“I use ‘disruptive’ in both its good and bad connotations. Disruptive scientific and technological progress is not to me inherently good or inherently evil. But its arc is for us to shape. Technology’s progress is furthermore in my judgment unstoppable. But it is quite incorrect that it unfolds inexorably according to its own internal logic and the laws of nature.”
Five causes of collapse appear paramount: major episodes of climate change, crises-induced mass migrations, pandemics, dramatic advances in methods of warfare and transport, and human failings in crises including societal lack of resilience and the madness, incompetence, cultic focus, or ignorance of rulers.
Liberal democracy and capitalism have been the two commanding political and economic ideas of Western history since the 19th century. Now, however, the fate of these once-galvanizing global principles is increasingly uncertain.
In her new book, Not for the Faint of Heart, Ambassador Sherman takes readers inside the world of international diplomacy and into the mind of one of our most effective negotiators―often the only woman in the room. She discusses the core values that have shaped her approach to work and leadership: authenticity, effective use of power and persistence, acceptance of change, and commitment to the team. She shows why good work in her field is so hard to do, and how we can learn to apply core skills of diplomacy to the challenges in our own lives.
The Environment and Natural Resources Program (ENRP) is at the center of the Harvard Kennedy School's research and outreach on public policy that affects global environmental quality and natural resources management.
"...[I]t is clear that the international community possessed neither the analytic tools nor the institutional capabilities to deal with a world order in which ethno-religious groups, and not nation-states, were the primary operative actors. Which brings us back to the question: what if organized state violence and warfare is the exception rather than the rule in international security?"
The Winter 2010/11 issue of the Belfer Center newsletter features recent and upcoming activities, research, and analysis by members of the Center community on critical global issues. This issue highlights a major Belfer Center conference on technology and governance, the Center's involvement in the nuclear threat documentary Countdown to Zero, and a celebration of Belfer Center founder Paul Doty.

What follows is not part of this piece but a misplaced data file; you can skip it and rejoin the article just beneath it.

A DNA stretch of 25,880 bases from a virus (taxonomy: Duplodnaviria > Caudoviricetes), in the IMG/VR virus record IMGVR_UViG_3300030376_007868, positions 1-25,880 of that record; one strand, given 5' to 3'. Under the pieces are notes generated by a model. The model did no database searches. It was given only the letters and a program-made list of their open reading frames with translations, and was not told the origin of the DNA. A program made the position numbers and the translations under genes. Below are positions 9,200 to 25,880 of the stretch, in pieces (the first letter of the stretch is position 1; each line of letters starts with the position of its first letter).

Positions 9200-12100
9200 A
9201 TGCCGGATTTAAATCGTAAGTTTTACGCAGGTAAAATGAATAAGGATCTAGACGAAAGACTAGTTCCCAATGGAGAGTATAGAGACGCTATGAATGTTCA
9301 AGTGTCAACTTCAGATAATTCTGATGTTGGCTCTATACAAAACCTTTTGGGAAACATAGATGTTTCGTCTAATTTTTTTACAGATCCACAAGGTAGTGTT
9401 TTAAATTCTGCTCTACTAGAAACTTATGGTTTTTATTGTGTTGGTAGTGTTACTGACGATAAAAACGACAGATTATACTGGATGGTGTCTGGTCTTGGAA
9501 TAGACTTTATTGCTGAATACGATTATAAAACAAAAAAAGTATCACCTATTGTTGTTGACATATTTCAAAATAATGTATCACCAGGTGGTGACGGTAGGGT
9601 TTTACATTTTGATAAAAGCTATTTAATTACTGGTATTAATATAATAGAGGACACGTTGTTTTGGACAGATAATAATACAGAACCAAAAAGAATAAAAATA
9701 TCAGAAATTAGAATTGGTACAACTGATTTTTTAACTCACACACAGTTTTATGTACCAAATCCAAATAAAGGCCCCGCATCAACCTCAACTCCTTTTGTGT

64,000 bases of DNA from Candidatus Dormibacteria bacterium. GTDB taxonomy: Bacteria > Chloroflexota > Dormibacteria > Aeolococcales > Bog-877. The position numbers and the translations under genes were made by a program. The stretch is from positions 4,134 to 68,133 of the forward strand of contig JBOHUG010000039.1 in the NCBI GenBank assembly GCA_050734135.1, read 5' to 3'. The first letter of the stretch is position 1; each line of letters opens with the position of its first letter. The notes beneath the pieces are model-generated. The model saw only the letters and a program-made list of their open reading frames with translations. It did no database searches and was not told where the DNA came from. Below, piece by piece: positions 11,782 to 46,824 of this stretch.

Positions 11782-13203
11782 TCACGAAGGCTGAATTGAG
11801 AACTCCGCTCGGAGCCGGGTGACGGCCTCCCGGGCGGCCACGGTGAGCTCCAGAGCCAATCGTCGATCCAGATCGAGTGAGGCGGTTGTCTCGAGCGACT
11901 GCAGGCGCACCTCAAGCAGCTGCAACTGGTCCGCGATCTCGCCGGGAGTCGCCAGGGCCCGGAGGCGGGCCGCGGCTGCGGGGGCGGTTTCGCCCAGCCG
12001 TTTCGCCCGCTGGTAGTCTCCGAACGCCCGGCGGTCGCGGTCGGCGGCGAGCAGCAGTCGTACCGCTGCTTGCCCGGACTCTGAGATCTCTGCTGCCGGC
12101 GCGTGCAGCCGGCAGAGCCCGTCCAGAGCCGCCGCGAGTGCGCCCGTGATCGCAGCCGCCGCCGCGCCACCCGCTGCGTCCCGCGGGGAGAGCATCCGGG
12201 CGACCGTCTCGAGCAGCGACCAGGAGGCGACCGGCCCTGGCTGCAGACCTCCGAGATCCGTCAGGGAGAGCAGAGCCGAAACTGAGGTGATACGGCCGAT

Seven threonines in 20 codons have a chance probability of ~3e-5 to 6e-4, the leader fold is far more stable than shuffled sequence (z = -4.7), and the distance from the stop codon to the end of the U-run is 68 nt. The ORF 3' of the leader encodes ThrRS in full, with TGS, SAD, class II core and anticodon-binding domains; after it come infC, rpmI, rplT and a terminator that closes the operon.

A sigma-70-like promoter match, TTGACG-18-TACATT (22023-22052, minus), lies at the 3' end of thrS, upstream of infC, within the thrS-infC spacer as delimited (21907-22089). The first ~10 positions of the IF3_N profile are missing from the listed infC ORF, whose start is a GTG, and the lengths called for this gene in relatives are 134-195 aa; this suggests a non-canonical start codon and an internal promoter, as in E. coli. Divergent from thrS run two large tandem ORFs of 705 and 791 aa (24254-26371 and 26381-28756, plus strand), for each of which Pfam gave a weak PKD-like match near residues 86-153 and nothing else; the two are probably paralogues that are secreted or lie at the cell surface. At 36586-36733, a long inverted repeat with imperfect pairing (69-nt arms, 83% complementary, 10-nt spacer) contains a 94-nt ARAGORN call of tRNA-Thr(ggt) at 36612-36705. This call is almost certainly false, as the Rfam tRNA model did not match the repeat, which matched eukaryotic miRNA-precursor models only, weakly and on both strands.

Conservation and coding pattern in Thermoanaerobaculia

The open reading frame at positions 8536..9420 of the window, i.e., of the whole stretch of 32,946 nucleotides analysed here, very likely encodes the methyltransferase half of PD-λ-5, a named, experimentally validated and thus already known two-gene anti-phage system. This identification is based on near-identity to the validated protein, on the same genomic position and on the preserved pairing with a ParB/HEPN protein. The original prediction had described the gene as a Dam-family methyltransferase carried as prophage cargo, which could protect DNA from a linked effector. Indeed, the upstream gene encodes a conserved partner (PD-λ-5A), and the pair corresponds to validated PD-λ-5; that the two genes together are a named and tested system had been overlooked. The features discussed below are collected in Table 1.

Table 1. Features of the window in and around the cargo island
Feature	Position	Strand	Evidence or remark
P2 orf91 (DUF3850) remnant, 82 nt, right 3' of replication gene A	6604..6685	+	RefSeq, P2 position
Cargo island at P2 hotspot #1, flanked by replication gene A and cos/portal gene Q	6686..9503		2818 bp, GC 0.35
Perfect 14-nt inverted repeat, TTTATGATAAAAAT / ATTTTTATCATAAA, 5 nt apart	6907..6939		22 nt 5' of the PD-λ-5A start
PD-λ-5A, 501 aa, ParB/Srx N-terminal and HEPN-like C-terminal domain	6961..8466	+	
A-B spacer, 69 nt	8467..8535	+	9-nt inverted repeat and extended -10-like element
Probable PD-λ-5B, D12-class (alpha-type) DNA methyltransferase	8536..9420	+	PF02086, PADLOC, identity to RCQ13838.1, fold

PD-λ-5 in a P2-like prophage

- Belfer Center for Science and International Affairs, Harvard Kennedy School Belfer Center Newsletter
Five years after the devastation of Hurricane Katrina in New Orleans, one stand-out recovery success story is the neighborhood of Broadmoor and its unique collaboration with Harvard Kennedy School through the Belfer Center's Broadmoor Project.
"The question of whether we can "act in time" on energy and climate change poses one of the most profound challenges facing the world today. No human activity, other than the wide-scale use of nuclear weapons, has greater potential to reshape and harm our planet and our species than the rapidly expanding generation of greenhouse gases. What is so frustrating about the issue is that even though the dangers are widely accepted in the scientific community, and even though failing to act in time could set off a chain of events that would be all but irreversible, action to date has been weak at best."
- Harvard Project on Climate Agreements, Belfer Center
The Bali climate change conference was a qualified success. Before we went to Bali, we observed that it will be good news if there’s no bad news coming out of the negotiations. This was achieved, and then some.
Gallagher articulates China's need for institutions, policies, and enforcement mechanisms that can foster technology transfer and environmental protection, and she charts a path forward for how the United States and China can work together to meet tomorrow's climate challenges.
- Environment and Natural Resources Program, Belfer Center
Report on a workshop jointly organized by the Energy Technology Innovation Policy research group of the Belfer Center for Science and International Affairs at Harvard University’s John F. Kennedy School of Government and Chinese Academy of Sciences.
Summary report from a joint ENRP/Sustainablity Science Program workshop convening experts from academia, international institutions, government, and the private sector to explore possible implications of emerging global biofuels markets for economic development and international trade.
- Energy Technology Innovation Policy Project, Belfer Center
The Energy Technology Innovation Policy research group (ETIP) seeks to combat global warming and climate change by promoting strategies for efficient energy technologies in China, India, and the United States, such as advanced coal technologies, carbon capture and storage (CCS), and advanced vehicle technologies.